Federal prosecutors spent three years investigating whether millions of dollars flowed through a state-owned Egyptian bank to Donald Trump’s election campaign in 2016, it has been revealed.
The investigation, which predated and outlasted the Robert Mueller Russian collusion probe, was looking into whether an illegal donation of $10million by a foreign power was made to the presidential campaign.
Mueller, the FBI and prosecutors conducted the inquiry in secret until it was shut down by acting US Attorney for DC Michael Sherwin with no charges filed, according to CNN.
Federal prosecutors spent three years investigating Donald Trump received campaign contributions from an Egyptian state bank
In the final days of the Trump’s presidential bid in 2016, he gave a huge $10million contribution to his campaign.
The investigation centered on whether Trump had financed the donation or whether it had flowed to him via Egypt’s state-owned bank.
It was kept so secret that investigators even locked down an entire floor of a courthouse so Mueller’s team could fight for the records of the Egyptian bank to be revealed in closed-door proceedings.
It is not known if there was any concrete evidence of Egyptian involvement but sources said there was enough suspicion to justify a grand jury subpoena, and keep the probe open after Mueller’s other investigation ended.
Questions have also been raised about Trump’s decision not to include Egypt in his travel ban against majority Muslim countries in 2017.
The investigation formed part of Robert Mueller’s probe into possible foreign interference, and it was passed onto federal prosecutors after his office was closed
A court filing from last month shows the Justice Department confirmed Mueller transferred his ongoing foreign campaign contribution investigation to prosecutors in Washington after his office shut down in 2019.
A source told CNN: ‘The case was first looked at by the Special Counsel investigators who failed to bring a case, and then it was looked at by the US attorney’s office, and career prosecutors in the national security section, who also were unable to bring a case.
‘Based upon the recommendations of both the FBI and those career prosecutors, Michael Sherwin, the acting US attorney, formally closed the case in July.’
Initial interest was raised after an informant suggested Trump’s $10million injuection could have come via the Egyptian bank.
The investigation even went as far as the Supreme Court, the only time during Mueller’s two-year probe that it reached that stage, although justices declined to hear the case.
Jason Miller, a senior adviser to the Trump 2020 campaign, said: ‘President Trump has never received a penny from Egypt.’
In the final weeks of the 2016 election, Trump and Egyptian President Sisi met in New York during the UN General Assembly where they hit it off
Neither the special counsel’s office nor the prosecutors who continued with the case ever got a complete understanding of Trump’s financial web.
They sought to subpoena his financial records but top officials decided to close the probe at this point, deciding it had reached a dead end.
A spokesman for the Egyptian President Abdel Fattah el-Sisi has declined to comment.
Mueller was initially tasked with investigating Russian government interference in the election, but his mandate allowed him to investigate any potentially criminal activity.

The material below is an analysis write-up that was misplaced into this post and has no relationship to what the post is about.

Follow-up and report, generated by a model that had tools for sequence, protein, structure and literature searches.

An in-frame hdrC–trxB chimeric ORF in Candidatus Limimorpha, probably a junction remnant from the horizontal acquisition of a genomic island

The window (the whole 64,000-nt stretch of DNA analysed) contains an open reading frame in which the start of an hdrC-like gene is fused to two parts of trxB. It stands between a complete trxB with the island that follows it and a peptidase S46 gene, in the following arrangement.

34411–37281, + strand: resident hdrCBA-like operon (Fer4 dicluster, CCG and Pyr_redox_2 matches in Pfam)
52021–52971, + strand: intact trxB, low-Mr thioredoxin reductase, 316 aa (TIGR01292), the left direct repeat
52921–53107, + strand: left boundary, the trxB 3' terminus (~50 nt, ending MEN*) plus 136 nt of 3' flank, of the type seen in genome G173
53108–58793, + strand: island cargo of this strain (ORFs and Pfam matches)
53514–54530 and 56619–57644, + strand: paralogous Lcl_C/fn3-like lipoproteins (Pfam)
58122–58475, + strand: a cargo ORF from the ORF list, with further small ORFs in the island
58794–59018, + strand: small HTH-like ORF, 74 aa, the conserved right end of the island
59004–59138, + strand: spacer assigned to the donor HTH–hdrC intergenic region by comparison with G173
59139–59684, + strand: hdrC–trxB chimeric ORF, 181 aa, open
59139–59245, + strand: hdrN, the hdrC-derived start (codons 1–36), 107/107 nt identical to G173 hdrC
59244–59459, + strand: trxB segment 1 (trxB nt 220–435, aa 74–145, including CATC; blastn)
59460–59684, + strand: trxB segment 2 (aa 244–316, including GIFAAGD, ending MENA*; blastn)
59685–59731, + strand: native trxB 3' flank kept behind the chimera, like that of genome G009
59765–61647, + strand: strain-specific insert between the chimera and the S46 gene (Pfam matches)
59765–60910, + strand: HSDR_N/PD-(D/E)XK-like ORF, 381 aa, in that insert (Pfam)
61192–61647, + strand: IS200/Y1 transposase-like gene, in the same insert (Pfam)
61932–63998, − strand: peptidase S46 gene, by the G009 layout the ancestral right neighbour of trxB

He decided to make inquiries into the apparent Egypt connection which could have been a second instance of foreign influence connected to Trump.
But it was risky as Trump had issued a ‘red line’ early in the Mueller investigation, saying the special counsel would be fired if the President’s finances were probed.
The investigation on Egypt was led by Zainab Ahmad, a former international terrorism prosecutor and Brandon Van Grack, a national security and counterintelligence specialist.
Sisi was the first foreign leader to call and congratulate Trump after his election win
In the final weeks of the 2016 election, Trump and Egyptian President Sisi met in New York during the UN General Assembly, apparently organized by Steve Bannon.
They formed a strong relationship, with both praising the other publicly afterwards, with Sisi saying Trump would ‘no doubt’ be a strong president, and Trump labelling his counterpart a ‘fantastic guy’ and they shared ‘good chemistry’.
Sisi was also the first foreign leader to call and congratulate Trump after his election win.
When the Trump campaign was nearing election day with the polls tightening, the campaign was running low on funds.
Memos reportedly show top campaign officials urging Trump to inject more money to see them over the line.
He had previously pledged to spend $100million of his own money on the campaign but this had not quite materialised.
Trump then wrote a $10million check, which he publicly called a loan, and campaign finance records showed it was his largest political contribution by far and not one he was ever reimbursed for.
Campaign finance law forbids foreign contributions to campaigns for public office for fears over national security and influence.
When Bannon was asked in an interview with the special counsel’s office about Trump’s $10million contribution, he said the future President had tried to resist pumping such a huge sum into his campaign.
But the former advisor said Trump was convinced into paying after he was convinced by Treasury Secretary Steve Mnuchin and Jared Kushner.
Trump himself has never been directly asked about the source of the money.
Mueller submitted to Trump’s lawyers a question asking whether any foreign government or leader other than Russia or Putin had offered support to his campaign.
They wrote back he had ‘no recollection of being told during the campaign’ of support from a foreign government.